The Business Roundtable, a group of CEOs of nearly 200 major U.S. corporations, gave a new definition of the "purpose of a corporation."Marketsread more
Stocks rose sharply on Monday as Treasury yields rebounded, quelling fears of a possible recessionUS Marketsread more
J.P. Morgan estimates the average annual tariff cost per household will be $1,000 with the new round of Trump's tariffs.Marketsread more
Since its IPO 15 years ago, Google has become more and more powerful. Today, that power is being highly scrutinized.Technologyread more
Sequoia's Michael Moritz says that direct listings worked for Spotify and Slack and will become more common for companies with "courage and intelligence."Technologyread more
Shares of embattled utility PG&E plummeted after a judge ruled that a jury can decided whether it should pay up to $18 billion in damages.Marketsread more
The attacks come after state and local ransomware attacks in New York, Louisiana, Maryland and Florida resulted in the loss of significant sums.Technologyread more
The New York City police officer who used a chokehold on Eric Garner in an encounter that ended with Garner's death has been fired, New York City Police Commissioner James...Politicsread more
These are the stocks posting the largest moves midday.Market Insiderread more
The president said the Fed has been hampered by a "horrendous lack of vision" and said it should institute 100 basis points worth of reductions in its benchmark rate.Marketsread more
Investors should be careful not to buy or sell stocks based on last week's brief inversion of the yield curve in the bond market, CNBC's Jim Cramer warns.Investingread more
President Donald Trump on Wednesday made lofty pledges about the benefits of the work-in-progress Republican tax plan — and threw in a promise to rid roads of potholes, to boot.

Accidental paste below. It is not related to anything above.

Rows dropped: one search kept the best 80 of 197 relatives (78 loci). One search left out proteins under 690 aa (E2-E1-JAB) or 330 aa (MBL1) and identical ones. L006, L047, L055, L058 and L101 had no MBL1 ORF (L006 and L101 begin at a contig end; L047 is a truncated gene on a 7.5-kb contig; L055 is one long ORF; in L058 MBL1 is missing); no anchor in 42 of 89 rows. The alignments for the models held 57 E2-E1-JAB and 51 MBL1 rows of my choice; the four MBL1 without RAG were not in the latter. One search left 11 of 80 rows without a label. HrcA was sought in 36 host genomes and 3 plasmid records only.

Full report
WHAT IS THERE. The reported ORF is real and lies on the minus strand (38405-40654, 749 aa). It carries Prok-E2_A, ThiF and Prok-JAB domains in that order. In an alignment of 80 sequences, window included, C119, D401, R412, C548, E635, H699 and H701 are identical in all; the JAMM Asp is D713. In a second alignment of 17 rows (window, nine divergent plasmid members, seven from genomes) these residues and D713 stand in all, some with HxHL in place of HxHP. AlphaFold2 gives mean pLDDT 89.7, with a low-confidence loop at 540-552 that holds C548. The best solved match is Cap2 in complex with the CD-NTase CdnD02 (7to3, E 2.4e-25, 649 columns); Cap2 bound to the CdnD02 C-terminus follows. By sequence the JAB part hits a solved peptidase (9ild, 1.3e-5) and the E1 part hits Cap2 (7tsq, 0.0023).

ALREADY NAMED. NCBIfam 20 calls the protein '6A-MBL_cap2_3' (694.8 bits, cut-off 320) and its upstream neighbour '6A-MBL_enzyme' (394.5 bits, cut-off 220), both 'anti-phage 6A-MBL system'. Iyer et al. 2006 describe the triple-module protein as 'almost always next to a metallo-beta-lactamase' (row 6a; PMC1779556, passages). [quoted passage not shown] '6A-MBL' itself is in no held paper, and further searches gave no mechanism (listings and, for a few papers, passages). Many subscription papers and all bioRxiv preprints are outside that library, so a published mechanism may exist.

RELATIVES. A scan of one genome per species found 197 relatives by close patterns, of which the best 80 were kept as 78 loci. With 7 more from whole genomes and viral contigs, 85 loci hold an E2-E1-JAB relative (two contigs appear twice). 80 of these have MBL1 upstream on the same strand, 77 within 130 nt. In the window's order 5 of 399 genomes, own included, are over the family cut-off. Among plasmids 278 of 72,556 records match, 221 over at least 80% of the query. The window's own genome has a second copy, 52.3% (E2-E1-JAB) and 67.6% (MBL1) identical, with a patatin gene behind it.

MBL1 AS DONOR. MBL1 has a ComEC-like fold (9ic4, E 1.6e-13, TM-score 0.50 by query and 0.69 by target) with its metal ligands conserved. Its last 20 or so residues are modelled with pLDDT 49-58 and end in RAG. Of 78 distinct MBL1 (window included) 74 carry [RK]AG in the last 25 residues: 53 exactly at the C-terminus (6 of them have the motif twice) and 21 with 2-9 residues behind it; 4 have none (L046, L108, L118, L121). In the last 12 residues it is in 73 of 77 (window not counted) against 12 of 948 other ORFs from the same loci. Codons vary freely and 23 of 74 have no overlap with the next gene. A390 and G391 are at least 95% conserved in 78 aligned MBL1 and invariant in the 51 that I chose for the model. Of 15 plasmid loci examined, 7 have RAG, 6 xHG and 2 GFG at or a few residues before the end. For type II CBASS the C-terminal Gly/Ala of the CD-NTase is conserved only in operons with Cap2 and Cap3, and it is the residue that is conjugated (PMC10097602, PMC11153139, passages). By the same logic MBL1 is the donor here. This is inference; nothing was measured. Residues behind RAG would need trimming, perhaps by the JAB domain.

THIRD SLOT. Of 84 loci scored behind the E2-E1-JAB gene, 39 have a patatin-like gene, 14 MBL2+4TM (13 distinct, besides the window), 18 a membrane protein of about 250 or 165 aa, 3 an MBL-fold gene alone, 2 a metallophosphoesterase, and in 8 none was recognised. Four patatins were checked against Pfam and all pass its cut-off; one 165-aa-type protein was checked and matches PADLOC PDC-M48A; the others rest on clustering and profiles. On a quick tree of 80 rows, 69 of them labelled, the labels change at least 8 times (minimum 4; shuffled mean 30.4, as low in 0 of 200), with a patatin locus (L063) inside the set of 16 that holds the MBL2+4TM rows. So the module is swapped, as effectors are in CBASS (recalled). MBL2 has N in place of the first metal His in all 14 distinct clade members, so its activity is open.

Speaking in Pennsylvania to a crowd that included truckers, Trump promoted a tax framework he claimed would boost job creation and put more money in middle-income Americans' pockets. Standing in front of a truck plastered with "Truckers for tax reform" and "WIN AGAIN," he pressured Congress to push through a tax bill.
He promoted the four goals the White House has set for a plan: cuts taxes for middle-income Americans, simplify the tax code, reduce the burden on companies and bring back corporate money from overseas. Trump addressed criticism — and an estimate from an independent group — that wealthy Americans would benefit more than the middle class under the plan by repeating his goal to make it work for average Americans.
The president's "rich" friends have "come up to me and said, 'Give it to the middle class, give it to people that need it,'" Trump said.
Weaving through other pledges and policies, Trump also promised the crowd he'd overhaul American infrastructure and create "smooth, beautiful" roads with "no potholes."
Late last month, Republicans released a framework for the tax plan they hope to pass this year. It calls for major reductions in household and corporate income tax rates and a doubling of the standard deduction.
The framework left out many key details. The congressional tax-writing committees are expected to spell out specifics once Congress passes a joint budget, a key step in the process.
Already, the GOP has run into political hurdles. Republican lawmakers in high-tax blue states have started to push back on a proposal to get rid of state and local tax deductions, a method to raise money to help offset tax cuts.
Some lawmakers have also expressed concerns about the potential budget deficits generated by the cuts.
Despite the plan still forming, Trump set ambitious targets for what it would do. He promised the proposal would be "pro-growth, pro-jobs, pro-worker, pro-family and pro-American."
He specifically said his Council of Economic Advisers estimates the changes he proposed together would give the "typical" American household a $4,000 "pay raise."
"We're going to fight and we're going to get those Republicans, and maybe a few of those Democrats, to raise their hand and you're going to have so much money to spend," Trump said.
He urged lawmakers at the speech to approve the tax plan.
"All I can say is, you better get it passed. They will. I know," Trump said.
He also pressured Democrats to get on board, arguing it would be politically difficult to oppose a plan that broadly cuts taxes.